• darkChozo says:

            But the women don’t get that kind of treatment in-game, as is kinda the point of the OP. In that context, your response seems rather asinine.

            Not to mention that f69 rather has a point, in that Ansob’s response is completely ignoring the point of the OP’s post with a rather strawman-y reply. I’m guessing it wasn’t intentional, but if it were, it would be rather offensive.

  6. Lord Custard Smingleigh says:

    What are they saying we gamers are, by including this as an “incentive”?

    • NailBombed says:

      Necrophiliacs, maybe? Not sure what was going through those guy’s minds when they put this out, tbh. Actually, I reckon their minds were all in the gutter that day.

  7. Reinou says:

    Hmm…I like it. You guys are weird, you need to read more guro. :)

  8. zidders says:

    I have a question:How is this any different from the tens of thousands of gory statues you can find on sale every halloween? The fact that it used to be female? The fact that it has tits? What if it were a male torso? I mean, is it really sexist? It isn’t really human anymore..unless you’re attracted to it. I mean, if the argument here is that it’s demeaning towards women because the female form is being objectified…it’s a limbless, bloody torso. Unless you’re worried about misogynistic necrophiles, there’s no objectification here.
    Seriously. It’s NOT REAL. Why all of a sudden are people getting all pissy about desensitization? Gory horror movies went through all this in the 80’s and everyone decided ‘Well, it’s not real, it’s a movie, it doesn’t affect people as much as people feared, we can all breath a sigh of relief’ yet because it’s videogames, everyone acts like this issue is new?
    Much ado about nothing.

  9. Jenks says:

    Are all the bikini wearing zombies in the game with their limbs and heads misogynistic? I can never nail down where exactly the line is among the faux outrage crowd.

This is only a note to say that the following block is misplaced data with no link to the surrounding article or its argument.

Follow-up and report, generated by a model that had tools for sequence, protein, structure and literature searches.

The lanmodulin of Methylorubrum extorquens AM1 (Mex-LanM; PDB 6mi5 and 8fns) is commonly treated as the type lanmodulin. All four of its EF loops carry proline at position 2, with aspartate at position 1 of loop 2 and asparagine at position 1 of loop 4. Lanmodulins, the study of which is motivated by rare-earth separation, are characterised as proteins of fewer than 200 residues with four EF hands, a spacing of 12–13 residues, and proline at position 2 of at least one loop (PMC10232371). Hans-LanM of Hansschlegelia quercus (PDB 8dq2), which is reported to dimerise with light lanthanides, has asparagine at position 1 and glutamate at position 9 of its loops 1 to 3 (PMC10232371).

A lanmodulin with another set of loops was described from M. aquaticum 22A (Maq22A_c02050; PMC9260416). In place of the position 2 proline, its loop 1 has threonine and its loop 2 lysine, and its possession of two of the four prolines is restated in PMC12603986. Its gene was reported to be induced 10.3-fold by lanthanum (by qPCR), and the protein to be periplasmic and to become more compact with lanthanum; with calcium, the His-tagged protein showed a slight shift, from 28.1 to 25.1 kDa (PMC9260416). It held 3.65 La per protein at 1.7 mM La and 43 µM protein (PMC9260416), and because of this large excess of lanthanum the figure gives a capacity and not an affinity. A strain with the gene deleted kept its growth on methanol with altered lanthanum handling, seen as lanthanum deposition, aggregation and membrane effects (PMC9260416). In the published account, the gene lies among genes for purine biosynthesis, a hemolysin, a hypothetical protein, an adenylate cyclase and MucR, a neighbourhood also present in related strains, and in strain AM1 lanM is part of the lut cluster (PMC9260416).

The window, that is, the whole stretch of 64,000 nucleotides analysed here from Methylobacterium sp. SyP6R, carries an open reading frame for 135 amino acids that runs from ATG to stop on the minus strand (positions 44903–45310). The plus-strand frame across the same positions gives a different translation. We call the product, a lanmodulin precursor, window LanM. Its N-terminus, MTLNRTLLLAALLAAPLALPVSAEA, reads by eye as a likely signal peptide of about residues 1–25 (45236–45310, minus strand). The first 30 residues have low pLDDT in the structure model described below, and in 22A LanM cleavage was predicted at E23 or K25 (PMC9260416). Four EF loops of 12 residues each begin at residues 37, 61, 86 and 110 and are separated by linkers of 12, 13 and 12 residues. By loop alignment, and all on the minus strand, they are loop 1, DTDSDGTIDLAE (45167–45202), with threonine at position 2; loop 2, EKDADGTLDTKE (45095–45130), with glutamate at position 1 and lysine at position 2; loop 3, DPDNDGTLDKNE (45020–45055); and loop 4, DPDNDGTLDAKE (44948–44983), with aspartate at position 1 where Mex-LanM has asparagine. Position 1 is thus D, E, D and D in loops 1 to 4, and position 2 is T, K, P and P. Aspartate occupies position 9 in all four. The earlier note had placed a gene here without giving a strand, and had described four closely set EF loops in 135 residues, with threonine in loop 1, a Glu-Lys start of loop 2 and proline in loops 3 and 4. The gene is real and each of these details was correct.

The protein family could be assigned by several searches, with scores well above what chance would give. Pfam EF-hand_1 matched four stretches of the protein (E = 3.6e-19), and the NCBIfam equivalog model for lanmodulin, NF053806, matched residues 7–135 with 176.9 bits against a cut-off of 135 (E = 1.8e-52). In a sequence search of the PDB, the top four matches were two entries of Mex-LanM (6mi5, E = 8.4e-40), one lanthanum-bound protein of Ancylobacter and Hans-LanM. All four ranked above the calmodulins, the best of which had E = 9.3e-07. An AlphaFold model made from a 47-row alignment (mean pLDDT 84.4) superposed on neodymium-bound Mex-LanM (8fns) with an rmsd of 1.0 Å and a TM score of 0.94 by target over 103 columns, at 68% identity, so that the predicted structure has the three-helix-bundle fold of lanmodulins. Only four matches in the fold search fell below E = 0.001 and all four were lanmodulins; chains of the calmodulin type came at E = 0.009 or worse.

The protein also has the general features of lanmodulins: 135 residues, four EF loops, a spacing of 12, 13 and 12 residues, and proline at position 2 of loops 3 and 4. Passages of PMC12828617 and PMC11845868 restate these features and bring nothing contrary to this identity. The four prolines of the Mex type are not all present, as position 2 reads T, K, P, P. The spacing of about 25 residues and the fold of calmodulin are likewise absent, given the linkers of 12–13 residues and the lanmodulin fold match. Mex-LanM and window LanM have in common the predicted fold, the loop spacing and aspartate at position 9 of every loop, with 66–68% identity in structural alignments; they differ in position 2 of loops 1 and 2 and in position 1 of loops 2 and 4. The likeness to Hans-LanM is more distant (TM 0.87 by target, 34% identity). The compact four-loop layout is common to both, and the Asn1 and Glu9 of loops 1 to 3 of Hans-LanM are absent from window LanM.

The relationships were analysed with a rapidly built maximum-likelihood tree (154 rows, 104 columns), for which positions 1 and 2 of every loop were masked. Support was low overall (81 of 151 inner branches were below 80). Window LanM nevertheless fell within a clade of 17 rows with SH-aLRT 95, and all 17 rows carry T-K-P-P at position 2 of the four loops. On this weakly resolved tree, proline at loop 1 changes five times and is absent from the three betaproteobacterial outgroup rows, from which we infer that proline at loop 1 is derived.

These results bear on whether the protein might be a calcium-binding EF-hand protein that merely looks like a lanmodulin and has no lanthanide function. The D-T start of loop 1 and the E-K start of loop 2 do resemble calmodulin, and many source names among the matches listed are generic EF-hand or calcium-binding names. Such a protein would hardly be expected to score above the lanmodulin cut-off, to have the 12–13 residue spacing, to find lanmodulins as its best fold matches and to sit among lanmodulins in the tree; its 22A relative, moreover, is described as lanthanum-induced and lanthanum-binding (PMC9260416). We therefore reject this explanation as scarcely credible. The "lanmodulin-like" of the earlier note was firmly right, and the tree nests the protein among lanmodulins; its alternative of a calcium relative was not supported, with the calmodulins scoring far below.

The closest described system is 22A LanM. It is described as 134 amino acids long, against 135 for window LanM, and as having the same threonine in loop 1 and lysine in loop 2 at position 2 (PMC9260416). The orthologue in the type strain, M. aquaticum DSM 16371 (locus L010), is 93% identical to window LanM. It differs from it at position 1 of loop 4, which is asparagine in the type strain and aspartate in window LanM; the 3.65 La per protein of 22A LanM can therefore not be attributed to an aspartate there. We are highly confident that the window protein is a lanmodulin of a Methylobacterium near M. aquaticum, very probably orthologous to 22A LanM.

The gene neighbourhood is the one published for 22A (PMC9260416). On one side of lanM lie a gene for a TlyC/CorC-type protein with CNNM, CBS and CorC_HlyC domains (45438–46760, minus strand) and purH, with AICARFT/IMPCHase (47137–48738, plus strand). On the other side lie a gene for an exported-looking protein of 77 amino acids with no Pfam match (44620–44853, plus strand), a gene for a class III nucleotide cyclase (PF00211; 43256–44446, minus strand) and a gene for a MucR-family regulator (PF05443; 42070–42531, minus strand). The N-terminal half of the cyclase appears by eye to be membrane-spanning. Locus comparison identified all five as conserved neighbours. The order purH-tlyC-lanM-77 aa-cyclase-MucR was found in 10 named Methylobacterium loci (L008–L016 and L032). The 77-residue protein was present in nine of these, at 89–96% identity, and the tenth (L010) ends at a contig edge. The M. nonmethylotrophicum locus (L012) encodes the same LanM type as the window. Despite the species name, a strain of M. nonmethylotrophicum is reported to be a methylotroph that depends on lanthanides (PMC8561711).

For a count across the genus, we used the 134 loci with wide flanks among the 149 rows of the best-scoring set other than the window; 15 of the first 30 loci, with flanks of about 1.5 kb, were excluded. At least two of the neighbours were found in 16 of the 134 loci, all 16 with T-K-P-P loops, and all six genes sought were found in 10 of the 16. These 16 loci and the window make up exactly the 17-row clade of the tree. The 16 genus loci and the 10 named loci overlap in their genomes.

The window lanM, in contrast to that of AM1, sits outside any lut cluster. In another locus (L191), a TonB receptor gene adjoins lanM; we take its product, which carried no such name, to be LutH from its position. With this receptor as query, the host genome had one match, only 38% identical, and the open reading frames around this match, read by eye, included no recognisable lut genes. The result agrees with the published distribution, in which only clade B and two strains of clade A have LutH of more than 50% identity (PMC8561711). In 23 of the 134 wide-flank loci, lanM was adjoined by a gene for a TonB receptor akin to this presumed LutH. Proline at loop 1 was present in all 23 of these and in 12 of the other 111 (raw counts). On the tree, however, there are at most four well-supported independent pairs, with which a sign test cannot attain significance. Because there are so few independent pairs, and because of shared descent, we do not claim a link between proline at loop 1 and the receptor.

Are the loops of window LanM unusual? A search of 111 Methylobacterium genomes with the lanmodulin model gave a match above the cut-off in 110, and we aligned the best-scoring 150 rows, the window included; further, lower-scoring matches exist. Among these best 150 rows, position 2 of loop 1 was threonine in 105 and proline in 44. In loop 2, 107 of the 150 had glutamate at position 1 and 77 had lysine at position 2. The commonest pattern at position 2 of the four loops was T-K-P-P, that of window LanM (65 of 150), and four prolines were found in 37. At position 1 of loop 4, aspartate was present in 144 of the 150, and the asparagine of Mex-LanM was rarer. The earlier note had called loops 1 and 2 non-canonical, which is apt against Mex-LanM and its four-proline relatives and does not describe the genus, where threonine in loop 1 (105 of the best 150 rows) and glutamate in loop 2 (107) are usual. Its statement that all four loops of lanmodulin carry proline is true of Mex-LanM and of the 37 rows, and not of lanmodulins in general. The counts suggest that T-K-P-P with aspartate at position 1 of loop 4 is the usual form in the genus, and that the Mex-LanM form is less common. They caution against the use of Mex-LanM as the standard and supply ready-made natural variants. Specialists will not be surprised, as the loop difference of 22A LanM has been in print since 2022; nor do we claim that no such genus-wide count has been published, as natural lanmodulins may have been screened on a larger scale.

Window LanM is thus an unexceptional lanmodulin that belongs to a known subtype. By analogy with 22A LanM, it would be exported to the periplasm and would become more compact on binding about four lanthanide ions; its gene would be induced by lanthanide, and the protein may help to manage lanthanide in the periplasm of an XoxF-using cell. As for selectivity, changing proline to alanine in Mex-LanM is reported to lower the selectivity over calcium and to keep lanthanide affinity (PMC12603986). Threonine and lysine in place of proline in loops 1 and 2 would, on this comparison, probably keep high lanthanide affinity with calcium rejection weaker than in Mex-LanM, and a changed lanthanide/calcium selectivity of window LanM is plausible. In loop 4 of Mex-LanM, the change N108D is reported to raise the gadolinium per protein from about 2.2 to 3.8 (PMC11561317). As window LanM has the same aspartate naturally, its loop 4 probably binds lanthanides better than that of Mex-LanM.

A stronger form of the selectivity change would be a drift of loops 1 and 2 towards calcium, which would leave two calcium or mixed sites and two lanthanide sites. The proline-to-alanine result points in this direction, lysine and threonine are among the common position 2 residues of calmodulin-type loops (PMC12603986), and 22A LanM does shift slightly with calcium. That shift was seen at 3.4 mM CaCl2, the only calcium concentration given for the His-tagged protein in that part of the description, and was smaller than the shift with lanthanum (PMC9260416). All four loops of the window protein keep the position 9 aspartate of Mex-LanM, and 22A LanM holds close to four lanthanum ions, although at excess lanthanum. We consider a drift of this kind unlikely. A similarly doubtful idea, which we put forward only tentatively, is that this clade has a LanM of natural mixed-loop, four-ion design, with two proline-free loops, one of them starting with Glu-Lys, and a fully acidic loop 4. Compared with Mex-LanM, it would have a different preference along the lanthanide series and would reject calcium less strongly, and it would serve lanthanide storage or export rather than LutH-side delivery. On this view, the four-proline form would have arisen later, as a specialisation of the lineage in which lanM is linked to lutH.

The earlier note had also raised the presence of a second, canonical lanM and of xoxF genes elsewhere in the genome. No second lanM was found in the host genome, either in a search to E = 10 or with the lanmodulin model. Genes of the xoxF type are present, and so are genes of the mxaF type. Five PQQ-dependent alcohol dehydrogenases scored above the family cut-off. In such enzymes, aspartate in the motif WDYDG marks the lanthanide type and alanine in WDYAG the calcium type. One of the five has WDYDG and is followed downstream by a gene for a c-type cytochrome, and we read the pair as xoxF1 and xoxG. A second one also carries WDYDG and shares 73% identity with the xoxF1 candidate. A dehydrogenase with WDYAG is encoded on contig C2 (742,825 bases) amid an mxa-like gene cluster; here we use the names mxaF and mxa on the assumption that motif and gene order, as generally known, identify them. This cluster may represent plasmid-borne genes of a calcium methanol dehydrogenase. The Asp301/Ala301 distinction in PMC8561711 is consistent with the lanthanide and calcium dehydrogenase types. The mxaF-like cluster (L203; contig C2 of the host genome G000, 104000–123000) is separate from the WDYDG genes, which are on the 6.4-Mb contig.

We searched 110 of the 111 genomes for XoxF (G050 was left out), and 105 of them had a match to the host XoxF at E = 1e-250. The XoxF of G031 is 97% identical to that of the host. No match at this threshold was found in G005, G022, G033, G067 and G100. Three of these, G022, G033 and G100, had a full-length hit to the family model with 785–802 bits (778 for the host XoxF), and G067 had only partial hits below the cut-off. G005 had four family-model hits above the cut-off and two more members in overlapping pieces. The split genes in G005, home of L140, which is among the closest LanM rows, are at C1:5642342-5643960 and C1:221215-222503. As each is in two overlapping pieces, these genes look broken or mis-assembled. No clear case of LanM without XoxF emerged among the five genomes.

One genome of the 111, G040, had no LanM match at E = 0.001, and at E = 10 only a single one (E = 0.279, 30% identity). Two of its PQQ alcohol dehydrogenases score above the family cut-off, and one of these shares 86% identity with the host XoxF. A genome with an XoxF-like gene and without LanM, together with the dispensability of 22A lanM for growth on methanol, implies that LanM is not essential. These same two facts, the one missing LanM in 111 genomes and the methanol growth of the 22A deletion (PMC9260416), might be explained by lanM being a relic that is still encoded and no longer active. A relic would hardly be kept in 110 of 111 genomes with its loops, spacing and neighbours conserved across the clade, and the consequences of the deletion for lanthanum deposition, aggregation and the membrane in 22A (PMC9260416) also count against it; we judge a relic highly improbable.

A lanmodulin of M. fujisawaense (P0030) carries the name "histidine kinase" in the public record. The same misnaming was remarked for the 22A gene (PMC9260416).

• Jenks says:

      I think John is doing a parody of himself here, and it flew over my head.

    • Sheng-ji says:

      Is the game also packed full of men in their trunks? Yes – there’s your answer then

      • Jenks says:

        Yes it is full of men in their trunks. So yes it is misogynistic? Or no it isn’t? It isn’t misogynistic, but putting the torso of one of the characters clothed the way they are clothed in the game (where it isn’t misogynistic) is misogynistic? These are serious questions I need answered so I can become more progressive.

        • Sheng-ji says:

          Fucking hell, I only unblocked you like yesterday, and you’ve already made me regret that.

          Here we go. Baby steps for the retard.

          The game has lots of women in bikini’s, is that misogynistic?

          No, because the game also has men in their trunks in it. Both sexes are treated equally.

          The statue exists to market the game to teenage boys. It is crude and crass but becomes a symptom of a deeply sexist and slightly misogynistic culture because no such game exists which markets a sexy man who has been ripped apart. Should the industry have a decent amount of games marketed to men and women, young and old, mature and immature, insert your race or nationality here, it can consider itself progressive. As it is, not so much.

          • gwathdring says:

            Sheng-ji? That’s not acceptable. Throw out the insults, or get out of the comments section. If there was a report button, I’d use it.